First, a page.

David Barsamian: Every four years Americans, those who vote, are faced with what is often called the lesser of two evils as their presidential options. Dave Dellinger, who passed away in May, used to call it "the evil of two lessers." You say that there is "a fraction" of difference between George Bush and John Kerry. And this raised some eyebrows. I heard, "It sounds like Chomsky is coming out for Kerry." Could you expand on your position.
Noam Chomsky: There are differences. They have different constituencies. There are different groups of people around them. On international affairs I wouldn’t expect any major policy changes. It would probably be more like back to the Clinton years, when you have sort of the same policies, but more modulated, not so brazen and aggressive, less violent. And I would expect a kind of return to that.
On domestic issues there could be a fairly significant difference–it’s not huge–but different in its outcomes. The group around Bush are real fanatics. They’re quite open. They’re not hiding it; you can’t accuse them of that. They want to destroy the whole array of progressive achievements of the past century. They’ve already more or less gotten rid of progressive income tax. They’re trying to destroy the limited medical care system. The new pharmaceutical bill is a step towards that. They’re going after Social Security. They probably will go after schools. They do not want a small government, any more than Reagan did. They want a huge government, and massively intrusive. They hate free markets. But they want it to work for the rich. The Kerry people will do something not fantastically different, but less so. They have a different constituency to appeal to, and they are much more likely to protect some limited form of benefits for the general population.
There are other differences. The popular constituency of the Bush people, a large part of it, is the extremist fundamentalist religious sector in the country, which is huge. There is nothing like it in any other industrial country. And they have to keep throwing them red meat to keep them in line. While they’re shafting them in their economic and social policies, you’ve got to make them think you’re doing something for them. And throwing red meat to that constituency is very dangerous for the world, because it means violence and aggression, but also for the country, because it means harming civil liberties in a serious way. The Kerry people don’t have that constituency. They would like to have it, but they’re never going to appeal to it much. They have to appeal somehow to working people, women, minorities, and others, and that makes a difference.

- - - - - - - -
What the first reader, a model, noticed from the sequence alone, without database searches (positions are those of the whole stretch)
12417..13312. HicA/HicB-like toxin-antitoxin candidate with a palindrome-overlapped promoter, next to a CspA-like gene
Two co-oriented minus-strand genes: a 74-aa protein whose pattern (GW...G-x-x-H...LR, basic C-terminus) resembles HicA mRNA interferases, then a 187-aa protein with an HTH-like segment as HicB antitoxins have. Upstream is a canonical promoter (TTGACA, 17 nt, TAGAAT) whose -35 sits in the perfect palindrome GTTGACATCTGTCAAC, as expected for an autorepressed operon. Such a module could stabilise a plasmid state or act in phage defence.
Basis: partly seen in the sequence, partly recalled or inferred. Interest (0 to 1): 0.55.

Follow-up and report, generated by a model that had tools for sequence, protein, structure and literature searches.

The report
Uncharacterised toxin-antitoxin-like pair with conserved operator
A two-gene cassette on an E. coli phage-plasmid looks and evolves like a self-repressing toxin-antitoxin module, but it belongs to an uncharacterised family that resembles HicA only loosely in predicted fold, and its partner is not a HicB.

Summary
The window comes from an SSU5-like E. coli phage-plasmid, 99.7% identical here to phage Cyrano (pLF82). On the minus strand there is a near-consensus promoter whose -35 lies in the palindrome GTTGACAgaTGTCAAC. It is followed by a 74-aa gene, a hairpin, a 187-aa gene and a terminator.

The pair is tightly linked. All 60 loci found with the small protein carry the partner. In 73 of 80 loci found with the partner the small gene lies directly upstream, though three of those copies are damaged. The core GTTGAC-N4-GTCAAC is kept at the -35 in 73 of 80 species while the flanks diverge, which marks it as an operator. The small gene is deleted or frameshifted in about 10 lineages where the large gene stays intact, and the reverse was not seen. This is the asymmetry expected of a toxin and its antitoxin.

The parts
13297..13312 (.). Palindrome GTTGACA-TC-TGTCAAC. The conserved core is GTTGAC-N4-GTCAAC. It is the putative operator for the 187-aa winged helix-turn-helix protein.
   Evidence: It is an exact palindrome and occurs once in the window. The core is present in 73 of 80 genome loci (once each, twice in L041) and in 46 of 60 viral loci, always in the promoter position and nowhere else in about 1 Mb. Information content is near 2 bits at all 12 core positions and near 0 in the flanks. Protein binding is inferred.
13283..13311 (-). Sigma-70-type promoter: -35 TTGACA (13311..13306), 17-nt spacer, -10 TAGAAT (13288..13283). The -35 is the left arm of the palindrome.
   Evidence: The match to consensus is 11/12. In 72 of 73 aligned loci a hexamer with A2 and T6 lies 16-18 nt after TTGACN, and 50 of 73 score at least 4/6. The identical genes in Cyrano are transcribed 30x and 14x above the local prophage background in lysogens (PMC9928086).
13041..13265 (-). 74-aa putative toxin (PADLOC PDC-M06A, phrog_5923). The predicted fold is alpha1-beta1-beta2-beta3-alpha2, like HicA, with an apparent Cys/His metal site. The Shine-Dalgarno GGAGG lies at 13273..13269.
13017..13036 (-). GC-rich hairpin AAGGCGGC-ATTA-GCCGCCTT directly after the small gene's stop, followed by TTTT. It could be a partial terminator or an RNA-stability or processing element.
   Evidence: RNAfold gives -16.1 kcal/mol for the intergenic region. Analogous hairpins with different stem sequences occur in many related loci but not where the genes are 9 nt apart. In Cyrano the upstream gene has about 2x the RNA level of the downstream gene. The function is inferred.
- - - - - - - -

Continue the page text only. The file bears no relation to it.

These may not look like huge differences, but they translate into quite big effects for the lives of people. Anyone who says "I don’t care if Bush gets elected" is basically telling poor and working people in the country, "I don’t care if your lives are destroyed. I don’t care whether you are going to have a little money to help your disabled mother. I just don’t care, because from my elevated point of view I don’t see much difference between them." That’s a way of saying, "Pay no attention to me, because I don’t care about you." Apart from its being wrong, it’s a recipe for disaster if you’re hoping to ever develop a popular movement and a political alternative.
Noam Chomsky, internationally renowned MIT professor, practically invented modern linguistics. In addition to his pioneering work in that field he has been a leading voice for peace and social justice. He is in such demand as a public speaker that he is booked years in advance. And wherever he appears, he draws huge audiences. The New Statesman calls him, "The conscience of the American people." He is the author of scores of books, his latest is the bestseller Hegemony or Survival. He has done a series of books with David Barsamian. The most recent one is Propaganda & the Public Mind. David Barsamian is the director and producer of the award-winning Alternative Radio in Boulder, Colorado. He interviewed Noam Chomsky at the Massachusetts Institute of Technology in Cambridge on June 11, 2004.